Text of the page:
As discussed in Traces Edition 10 by Sandy Guy, what were once booming towns across Victoria are now considered forgotten ghost towns. Whilst lacking a flourishing population, these eerie settlements boast history waiting to be discovered.
Located just 37 kilometres west of Geelong, Steiglitz’s population amounted to 2000 during its glory days in 1850. The future prosperity of the town allowed for schools, hotels, police quarters, churches and banks to all be constructed. This ground to a halt as gold was elusive and took the population elsewhere. With new advancements in mining technology introduced, a resurgence of residents returned in the 1890s. This allowed for libraries, a local newspaper, racetracks, sporting clubs, billiards halls and even pie stores to be created to cater the growing population.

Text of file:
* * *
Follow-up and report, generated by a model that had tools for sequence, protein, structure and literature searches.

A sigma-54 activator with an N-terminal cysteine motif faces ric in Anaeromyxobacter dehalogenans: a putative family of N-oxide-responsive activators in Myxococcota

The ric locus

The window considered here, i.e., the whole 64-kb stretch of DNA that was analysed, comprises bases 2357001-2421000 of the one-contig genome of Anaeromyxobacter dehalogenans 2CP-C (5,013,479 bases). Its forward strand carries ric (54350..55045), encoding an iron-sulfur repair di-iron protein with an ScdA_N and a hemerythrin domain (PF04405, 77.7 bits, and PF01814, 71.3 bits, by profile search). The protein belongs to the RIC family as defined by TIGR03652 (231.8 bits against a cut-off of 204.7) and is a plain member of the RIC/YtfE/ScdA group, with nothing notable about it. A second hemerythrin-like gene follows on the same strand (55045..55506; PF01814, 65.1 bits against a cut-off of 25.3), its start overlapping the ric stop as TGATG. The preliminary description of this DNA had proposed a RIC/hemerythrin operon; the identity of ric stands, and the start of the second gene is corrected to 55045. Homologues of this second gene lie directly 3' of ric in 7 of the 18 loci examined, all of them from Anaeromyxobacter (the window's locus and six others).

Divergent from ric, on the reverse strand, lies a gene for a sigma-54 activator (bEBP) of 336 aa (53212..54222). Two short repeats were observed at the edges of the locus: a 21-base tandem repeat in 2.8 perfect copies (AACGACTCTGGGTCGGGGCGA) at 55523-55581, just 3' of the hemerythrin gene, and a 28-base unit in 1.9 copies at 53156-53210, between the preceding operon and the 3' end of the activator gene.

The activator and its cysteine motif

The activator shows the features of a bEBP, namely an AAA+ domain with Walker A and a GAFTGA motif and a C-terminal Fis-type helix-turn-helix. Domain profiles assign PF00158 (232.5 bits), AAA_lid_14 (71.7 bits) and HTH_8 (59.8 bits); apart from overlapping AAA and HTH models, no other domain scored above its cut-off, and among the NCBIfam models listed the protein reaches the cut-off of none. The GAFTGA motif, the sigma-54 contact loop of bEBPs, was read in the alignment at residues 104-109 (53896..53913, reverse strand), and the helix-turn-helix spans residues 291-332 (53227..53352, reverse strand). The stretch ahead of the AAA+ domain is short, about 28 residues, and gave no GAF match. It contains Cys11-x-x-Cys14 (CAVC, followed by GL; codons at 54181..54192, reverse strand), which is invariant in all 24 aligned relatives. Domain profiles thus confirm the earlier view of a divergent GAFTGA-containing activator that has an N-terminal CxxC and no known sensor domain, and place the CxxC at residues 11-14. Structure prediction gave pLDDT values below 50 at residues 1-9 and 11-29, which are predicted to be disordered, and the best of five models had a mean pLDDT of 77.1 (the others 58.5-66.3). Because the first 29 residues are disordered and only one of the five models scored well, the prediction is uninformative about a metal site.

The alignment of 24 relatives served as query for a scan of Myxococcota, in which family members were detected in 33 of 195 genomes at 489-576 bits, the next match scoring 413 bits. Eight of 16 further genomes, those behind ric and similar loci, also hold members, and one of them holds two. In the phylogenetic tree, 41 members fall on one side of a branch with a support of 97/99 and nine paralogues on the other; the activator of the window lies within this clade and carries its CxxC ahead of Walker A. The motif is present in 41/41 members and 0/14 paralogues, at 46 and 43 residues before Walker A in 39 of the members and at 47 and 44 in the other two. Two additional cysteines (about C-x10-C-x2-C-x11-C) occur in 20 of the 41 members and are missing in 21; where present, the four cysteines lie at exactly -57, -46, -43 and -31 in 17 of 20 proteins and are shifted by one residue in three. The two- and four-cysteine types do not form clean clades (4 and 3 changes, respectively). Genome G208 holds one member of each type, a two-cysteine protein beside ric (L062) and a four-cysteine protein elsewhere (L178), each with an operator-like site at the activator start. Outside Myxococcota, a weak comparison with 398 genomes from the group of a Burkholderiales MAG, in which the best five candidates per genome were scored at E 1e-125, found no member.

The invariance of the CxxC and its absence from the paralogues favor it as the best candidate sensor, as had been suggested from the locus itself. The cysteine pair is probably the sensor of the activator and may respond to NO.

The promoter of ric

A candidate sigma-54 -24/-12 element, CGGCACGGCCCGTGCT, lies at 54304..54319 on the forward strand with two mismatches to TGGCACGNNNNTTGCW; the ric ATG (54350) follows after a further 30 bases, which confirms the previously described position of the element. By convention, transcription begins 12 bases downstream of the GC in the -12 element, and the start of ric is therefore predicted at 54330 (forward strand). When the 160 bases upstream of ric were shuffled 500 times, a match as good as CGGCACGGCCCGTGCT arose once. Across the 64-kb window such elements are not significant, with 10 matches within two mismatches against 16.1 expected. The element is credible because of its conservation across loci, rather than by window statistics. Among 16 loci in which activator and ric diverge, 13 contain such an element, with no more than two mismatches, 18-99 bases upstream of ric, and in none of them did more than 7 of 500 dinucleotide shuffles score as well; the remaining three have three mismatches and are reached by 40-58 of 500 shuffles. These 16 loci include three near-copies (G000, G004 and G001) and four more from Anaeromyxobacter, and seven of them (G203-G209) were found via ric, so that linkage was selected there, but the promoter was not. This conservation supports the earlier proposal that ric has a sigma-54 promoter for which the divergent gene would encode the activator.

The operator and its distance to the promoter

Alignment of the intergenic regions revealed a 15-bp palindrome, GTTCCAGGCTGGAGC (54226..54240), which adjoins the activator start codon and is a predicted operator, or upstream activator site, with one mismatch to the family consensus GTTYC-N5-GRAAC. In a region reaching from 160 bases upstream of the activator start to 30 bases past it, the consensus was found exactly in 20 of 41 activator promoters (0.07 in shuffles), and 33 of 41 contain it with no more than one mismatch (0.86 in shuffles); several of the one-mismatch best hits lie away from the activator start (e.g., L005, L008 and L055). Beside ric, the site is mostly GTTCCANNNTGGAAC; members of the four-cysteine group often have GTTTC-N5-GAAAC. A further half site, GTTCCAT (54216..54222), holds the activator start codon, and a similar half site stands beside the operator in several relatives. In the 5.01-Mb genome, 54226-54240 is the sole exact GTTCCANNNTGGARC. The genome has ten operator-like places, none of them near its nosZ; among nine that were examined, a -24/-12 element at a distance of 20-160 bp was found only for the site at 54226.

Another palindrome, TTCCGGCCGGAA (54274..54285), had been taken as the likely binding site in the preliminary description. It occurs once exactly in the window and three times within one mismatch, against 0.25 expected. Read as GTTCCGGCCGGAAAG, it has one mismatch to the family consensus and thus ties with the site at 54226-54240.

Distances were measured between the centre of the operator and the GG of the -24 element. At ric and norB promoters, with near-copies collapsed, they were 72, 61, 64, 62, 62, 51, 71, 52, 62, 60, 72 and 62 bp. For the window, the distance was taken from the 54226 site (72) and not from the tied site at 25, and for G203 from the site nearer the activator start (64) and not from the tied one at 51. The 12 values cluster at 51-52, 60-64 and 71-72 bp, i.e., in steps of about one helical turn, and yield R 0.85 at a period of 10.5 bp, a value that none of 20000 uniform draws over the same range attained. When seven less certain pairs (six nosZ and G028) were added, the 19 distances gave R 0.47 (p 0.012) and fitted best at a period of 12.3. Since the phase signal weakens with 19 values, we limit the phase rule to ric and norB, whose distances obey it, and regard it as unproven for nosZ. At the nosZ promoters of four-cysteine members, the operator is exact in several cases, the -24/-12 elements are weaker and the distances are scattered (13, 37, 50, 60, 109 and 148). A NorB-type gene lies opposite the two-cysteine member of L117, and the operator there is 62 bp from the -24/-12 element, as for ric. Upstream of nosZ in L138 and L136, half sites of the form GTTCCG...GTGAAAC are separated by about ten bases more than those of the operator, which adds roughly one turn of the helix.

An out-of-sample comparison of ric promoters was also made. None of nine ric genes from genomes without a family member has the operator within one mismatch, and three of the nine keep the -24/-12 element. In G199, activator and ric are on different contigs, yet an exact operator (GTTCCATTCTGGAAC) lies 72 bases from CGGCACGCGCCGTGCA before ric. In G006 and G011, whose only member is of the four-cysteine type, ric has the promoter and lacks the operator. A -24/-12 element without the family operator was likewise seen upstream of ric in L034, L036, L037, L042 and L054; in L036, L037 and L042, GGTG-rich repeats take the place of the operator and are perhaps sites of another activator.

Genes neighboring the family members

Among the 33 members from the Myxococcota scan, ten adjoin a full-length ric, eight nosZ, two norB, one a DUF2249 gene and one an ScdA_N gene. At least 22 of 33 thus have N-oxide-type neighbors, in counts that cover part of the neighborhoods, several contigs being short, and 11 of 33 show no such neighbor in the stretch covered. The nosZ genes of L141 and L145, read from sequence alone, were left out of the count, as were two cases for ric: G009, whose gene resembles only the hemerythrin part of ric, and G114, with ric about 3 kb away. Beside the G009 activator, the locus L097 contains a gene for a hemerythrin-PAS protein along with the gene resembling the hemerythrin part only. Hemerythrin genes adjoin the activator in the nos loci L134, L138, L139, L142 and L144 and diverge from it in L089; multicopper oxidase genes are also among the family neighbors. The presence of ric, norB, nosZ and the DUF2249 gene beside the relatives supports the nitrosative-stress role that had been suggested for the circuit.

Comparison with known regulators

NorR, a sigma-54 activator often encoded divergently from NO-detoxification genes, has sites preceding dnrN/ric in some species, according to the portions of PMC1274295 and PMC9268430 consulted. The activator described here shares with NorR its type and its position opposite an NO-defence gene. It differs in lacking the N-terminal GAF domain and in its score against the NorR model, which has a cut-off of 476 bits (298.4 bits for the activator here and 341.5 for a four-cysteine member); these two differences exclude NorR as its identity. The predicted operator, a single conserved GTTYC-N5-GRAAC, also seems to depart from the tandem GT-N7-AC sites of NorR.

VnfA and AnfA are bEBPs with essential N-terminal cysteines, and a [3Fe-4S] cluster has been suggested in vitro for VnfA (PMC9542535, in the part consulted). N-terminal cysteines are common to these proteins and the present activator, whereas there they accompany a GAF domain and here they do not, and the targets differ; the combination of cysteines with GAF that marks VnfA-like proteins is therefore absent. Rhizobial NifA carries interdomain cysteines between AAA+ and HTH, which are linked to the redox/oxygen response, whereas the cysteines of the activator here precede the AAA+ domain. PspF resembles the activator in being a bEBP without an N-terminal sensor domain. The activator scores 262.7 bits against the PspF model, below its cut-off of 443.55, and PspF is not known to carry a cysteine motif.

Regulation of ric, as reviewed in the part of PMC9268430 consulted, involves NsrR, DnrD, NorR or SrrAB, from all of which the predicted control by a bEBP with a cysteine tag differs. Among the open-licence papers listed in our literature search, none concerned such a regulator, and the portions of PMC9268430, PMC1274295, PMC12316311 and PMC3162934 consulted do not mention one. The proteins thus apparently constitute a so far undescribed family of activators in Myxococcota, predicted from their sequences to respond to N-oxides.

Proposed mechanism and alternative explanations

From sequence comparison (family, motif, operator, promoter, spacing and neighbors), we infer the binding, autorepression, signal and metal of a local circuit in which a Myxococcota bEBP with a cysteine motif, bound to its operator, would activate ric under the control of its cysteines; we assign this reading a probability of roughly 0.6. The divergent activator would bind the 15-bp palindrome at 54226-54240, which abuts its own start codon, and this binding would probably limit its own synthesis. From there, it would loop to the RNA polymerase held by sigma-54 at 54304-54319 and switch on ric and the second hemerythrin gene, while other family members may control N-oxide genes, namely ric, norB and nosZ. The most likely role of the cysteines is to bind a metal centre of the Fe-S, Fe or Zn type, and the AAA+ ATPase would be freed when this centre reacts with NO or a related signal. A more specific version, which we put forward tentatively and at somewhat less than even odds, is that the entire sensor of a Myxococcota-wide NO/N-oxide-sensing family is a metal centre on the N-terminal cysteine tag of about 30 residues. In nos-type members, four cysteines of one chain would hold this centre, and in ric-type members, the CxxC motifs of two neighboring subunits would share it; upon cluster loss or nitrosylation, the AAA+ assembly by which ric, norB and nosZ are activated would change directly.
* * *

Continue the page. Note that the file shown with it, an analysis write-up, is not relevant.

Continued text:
Whilst the boom seemed promising, across 60 years these numbers dwindled, leaving a mere 150 living in the town during the 1950s.
Now, the town is part of the Steiglitz National Park and was proclaimed in 1979. The town truly exemplified the population patterns in following the gold trail. When visiting the now ghost town, only a few historic buildings still stand. The courthouse, post office and few historical homes are on display as well as your own opportunity to pan for gold as if you were in the era.
The Haunted Stream is a small river that winds down the Tambo Valley and merges into the Tambo River. Alluvial gold was discovered in the area, which, similarly to Steiglitz, brought a flock of potential residents. The township, later called Sterling, was established in 1892, which ultimately allowed for the construction of houses, businesses and schools.
By 1920, the township reached its end, with minimal access to this day. Abandoned mine shafts are visible via four-wheel driving along the Haunted Stream track, off the Great Alpine Road near Tambo Crossing. Be prepared though, 54 rivers need to be crossed along the way!